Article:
My experience is typical. My iPhone took an unexpected bath 4 weeks ago and didn't recover. I live in the UK and tried to get an 8GB replacement, but everywhere was sold out. I gave up in the end, brought myself the cheapest Nokia I could find and now I'm waiting for the 3G iPhone release.

  1. Constable Odo

    Joined: Dec 1969


    This will make the

    iPhone look all that much better when its market share explodes in the next two quarters. Imagine being concerned about Palm taking market share. They're going to get their coffin nailed by the 3G iPhone. RIM will definitely be a tough competitor, but the remainder of those smartphone manufacturers are dead meat.

  1. Guest

    Joined: Dec 1969


    Q1, not Q2

    There were no shortages in Q1, and it was well known Apple's sales appear more sensitive to the recession than other companies.

    Apple sold 26% less phones in Q1 2008 vs Q4 2007, when the market itself only fell 14%

    With rocketing fuel prices and a tight credit environment, the 3G iPhone may be quite a bust, especially if its not subsidised.

  1. Guest

    Joined: Dec 1969


    Rocketing fuel prices?

    ^ What are you smoking? Go back to your daytrading of penny stocks.

  1. jscotta

    Joined: Dec 1969


    Apple and Recession

    Guest (Q1 not Q2), what are you talking about?

    "…it is well known Apple's sales appear more sensitive to recession…"

    You must be a new follower or don't follow at Apple market, at all. The biggest impact on Apple unit sales (and thus market share with all other things being equal) is when people stop their buying in anticipation of a new or an upgraded product. I personally know of quite a few people that are holding off buying an iPhone now because they want the new one rumored to be on the way.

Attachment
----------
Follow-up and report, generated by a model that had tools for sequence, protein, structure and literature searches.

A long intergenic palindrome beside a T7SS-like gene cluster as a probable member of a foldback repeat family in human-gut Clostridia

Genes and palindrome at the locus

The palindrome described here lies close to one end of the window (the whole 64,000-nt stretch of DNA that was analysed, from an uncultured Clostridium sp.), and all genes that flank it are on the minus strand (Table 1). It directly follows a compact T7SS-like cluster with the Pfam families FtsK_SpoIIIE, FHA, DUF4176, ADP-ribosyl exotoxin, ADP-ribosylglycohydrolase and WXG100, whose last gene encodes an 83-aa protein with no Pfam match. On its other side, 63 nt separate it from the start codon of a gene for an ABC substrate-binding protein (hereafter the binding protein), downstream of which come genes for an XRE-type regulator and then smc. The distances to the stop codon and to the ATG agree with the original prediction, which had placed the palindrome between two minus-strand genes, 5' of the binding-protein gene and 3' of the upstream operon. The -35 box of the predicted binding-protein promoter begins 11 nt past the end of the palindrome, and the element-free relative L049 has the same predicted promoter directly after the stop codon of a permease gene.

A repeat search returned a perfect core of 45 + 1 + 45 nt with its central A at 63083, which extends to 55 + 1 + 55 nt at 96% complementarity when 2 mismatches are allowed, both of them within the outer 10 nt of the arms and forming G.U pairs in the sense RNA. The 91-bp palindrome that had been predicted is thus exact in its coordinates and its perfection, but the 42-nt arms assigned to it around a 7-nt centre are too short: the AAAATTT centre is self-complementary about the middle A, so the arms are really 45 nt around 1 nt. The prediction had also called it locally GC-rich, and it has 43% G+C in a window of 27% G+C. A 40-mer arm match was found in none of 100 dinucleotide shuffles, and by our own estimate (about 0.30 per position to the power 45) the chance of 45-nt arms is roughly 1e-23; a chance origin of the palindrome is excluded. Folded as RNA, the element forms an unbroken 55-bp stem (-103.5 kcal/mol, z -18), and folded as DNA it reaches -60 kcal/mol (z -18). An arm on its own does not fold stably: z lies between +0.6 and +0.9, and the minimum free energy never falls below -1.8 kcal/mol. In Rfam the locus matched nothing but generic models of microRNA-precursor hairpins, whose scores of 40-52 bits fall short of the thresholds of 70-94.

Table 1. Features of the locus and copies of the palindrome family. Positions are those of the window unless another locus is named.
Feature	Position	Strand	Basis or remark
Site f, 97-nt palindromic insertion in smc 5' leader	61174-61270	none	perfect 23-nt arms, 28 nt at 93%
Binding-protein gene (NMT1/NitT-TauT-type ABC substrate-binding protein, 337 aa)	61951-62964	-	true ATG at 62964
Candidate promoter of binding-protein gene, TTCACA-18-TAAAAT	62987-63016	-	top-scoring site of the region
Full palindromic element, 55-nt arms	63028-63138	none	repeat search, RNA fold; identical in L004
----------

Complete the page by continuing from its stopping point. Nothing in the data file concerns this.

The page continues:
How does, "…rocketing fuel prices…" matter to the iPhone? The vast majority of people buying any of the high-end phones are well-heeled business and social buyers. They don't care a whit about fuel moving up a bit.

  1. bobolicious

    Joined: Dec 1969


    I don't know about others

    ...but I'm still using an old beater held together with epoxy while waiting for the iphone to arrive in our market - blackberry isn't even a consideration for me...

  1. MiMiC

    Joined: Dec 1969


    The BIG ifs

    IF the iPhone gets...GPSAbility to store filesAbility to send stored filesAbility to save attachmentsAbility to send contactsAbility to send calendar appointmentsAbility to print from deviceAbility to cut and pasteAbility to send webpages (or links)iChat

    Comment buried. Show
  1. testudo

    Joined: Dec 1969


    Re: the big ifs

    don't you understand, those features you mention are just fluff. Apple knows that what makes a great device in not overloading it with garbage, because that will just make it unusable (yeah, I haven't quite figured out how anything you mention would make it more unusable, apparently Apple can't figure out how to hide complexity or something). So Apple kept the iPhone simple so people could do with it what it was designed for, surfing the web. No, wait, its to run 3rd-party programs! No, that's not it. What was it again? Oh, right, it's supposed to be a phone.

  1. luckyday

    Joined: Dec 1969


    Ok buddy

    Ya, all buyers of apple products don't care about their personal finances and higher commodity prices. Good one.

    The iphone isn't a business phone. Its a toy. People buy less toys when they have less disposable income.

    Maybe one day the iphone will be supported by businesses. But that will be the same day all you guys and girls stop using them. The apple paradox...